“Forgiving each other” (Ephesians 4:32).
 “Speak to one another with psalms, hymns and spiritual songs” (Ephesians 5:19).
 “Submit to one another out of reverence for Christ” (Ephesians 5:21).
 “In humility consider others better than yourselves” (Philippians 2:3).
 “Do not lie to each other” (Colossians 3:9). 
”Bear with each other” (Colossians 3:13). “Forgive whatever grievances you may have against one another” (Colossians 3:13).  “Teach [one another]” (Colossians 3:16). 
”Admonish one another” (Colossians 3:16).
 “Make your love increase and overflow for each other” (1 Thessalonians 3:12).

“Love each other” (1 Thessalonians 4:9). 
”Encourage each other” (1 Thessalonians 4:18) .
”Encourage one another” (1 Thessalonians 5:11).  “Build each other up” (1 Thessalonians 5:11).
 “Encourage one another daily” (Hebrews 3:13).
 “Spur one another on toward love and good deeds” (Hebrews 10:24).
 “Encourage one another” (Hebrews10:25).
 “Do not slander one another” (James 4:11).
 “Don’t grumble against each other” (James 5:9). 
”Confess your sins to each other” (James 5:16).
 “Pray for each other” (James 5:16).

“Love one another deeply, from the heart” (1 Peter 1:22).
 “Live in harmony with one another” (1 Peter 3:8).
”Love each other deeply” (1 Peter 4:8). 
”Offer hospitality to one another without grumbling” (1 Peter 4:9). “Each one should use whatever gift he has received to serve others” (1 Peter 4:10). “Clothe yourselves with humility toward one another (1 Peter 5:5).
”Greet one another with a kiss of love” (1 Peter 5:14).

“Love one another” (1 John 3:11).
”Love one another” (1 John 3:23). 
”Love one another” (1 John 4:7).
 “Love one another” (1 John 4:11).
 “Love one another” (1 John 4:12).
 “Love one another” (2 John 5).

???????????Imagine a community living into these words. Imagine how a community of self-giving love, gracious hospitality, forgiveness, reconciliation, humble confession, honesty, encouragement and hope could re-orient any social order? Imagine what would happen to our neighborhoods and relational networks if the Church became a community by which and through which we were formed and equipped to love one another so we could live our lives as a sent people for the other? 

May God’s missionary Holy Spirit teach and empower us to embody these words so we might make His in-breaking kingdom tangible to all.

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Missional living: keeping it simple, keeping it real

Fred:

If you want to engage in missional living you will enjoy this read.

Originally posted on Dei-liberations:

Let me start this post by reminding readers that I think attentiveness is the key to participating in the mission of God. The missional church conversation begins and ends with the conviction that the mission is God’s and not ours to invent or manufacture. If it were ours to invent, then busyness would be the highest priority. But since it doesn’t belong to us, but to God, then paying attention is the highest priority. And the number one enemy to attentiveness is distraction born of busy-ness.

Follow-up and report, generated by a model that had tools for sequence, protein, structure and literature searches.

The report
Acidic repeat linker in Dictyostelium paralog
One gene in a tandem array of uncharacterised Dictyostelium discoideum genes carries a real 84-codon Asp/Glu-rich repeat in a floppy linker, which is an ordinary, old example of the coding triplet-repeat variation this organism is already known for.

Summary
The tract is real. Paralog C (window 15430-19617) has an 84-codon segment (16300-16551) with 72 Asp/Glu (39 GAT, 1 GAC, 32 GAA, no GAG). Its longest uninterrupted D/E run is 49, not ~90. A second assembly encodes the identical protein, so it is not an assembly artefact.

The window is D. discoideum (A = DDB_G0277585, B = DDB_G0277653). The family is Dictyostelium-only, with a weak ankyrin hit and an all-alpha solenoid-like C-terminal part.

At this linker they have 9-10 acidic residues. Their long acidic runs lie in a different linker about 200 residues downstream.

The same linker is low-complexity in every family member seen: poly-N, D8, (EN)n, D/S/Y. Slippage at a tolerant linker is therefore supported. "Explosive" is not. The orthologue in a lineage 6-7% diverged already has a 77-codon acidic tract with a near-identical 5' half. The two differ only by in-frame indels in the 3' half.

There is hardly anything in our culture that invites us to slow down, and the calls to fill our lives with as much as we can are everywhere. But this doesn’t deliver to us the real world. It delivers instead a world under the illusion of our control. In fact, it is a world wherein we serve the principalities and powers of this age–a…

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Alternative Stories of Redemption and Hope

Fred:

This is why I am thankful to be associated with this company and work part-time at TYGES International. They are not your typical company. Read on.

Originally posted on Reinventing Recruiting:

Australian philosopher Ivan Illich once said,

“Neither revolution nor reformation can ultimately change a society, rather you must tell a powerful new tale, one so persuasive that it sweeps away the old myths and becomes the preferred story, one so inclusive that it gathers all the bits of our past and our present into a coherent whole, one that even shines some light into the future so that we can take the next step….If you want to change a society, then you have to tell an alternative story.” 

antique-books-print-05Stories have power. They invite us into a new way of seeing the world, even our own lives. Think about it. We don’t describe past events or experiences from our lives through facts or bulleted memorandums. We tell stories. Why? People best relate to stories. Stories have the power to move us.  Stories have the power to draw us in to a new vision of…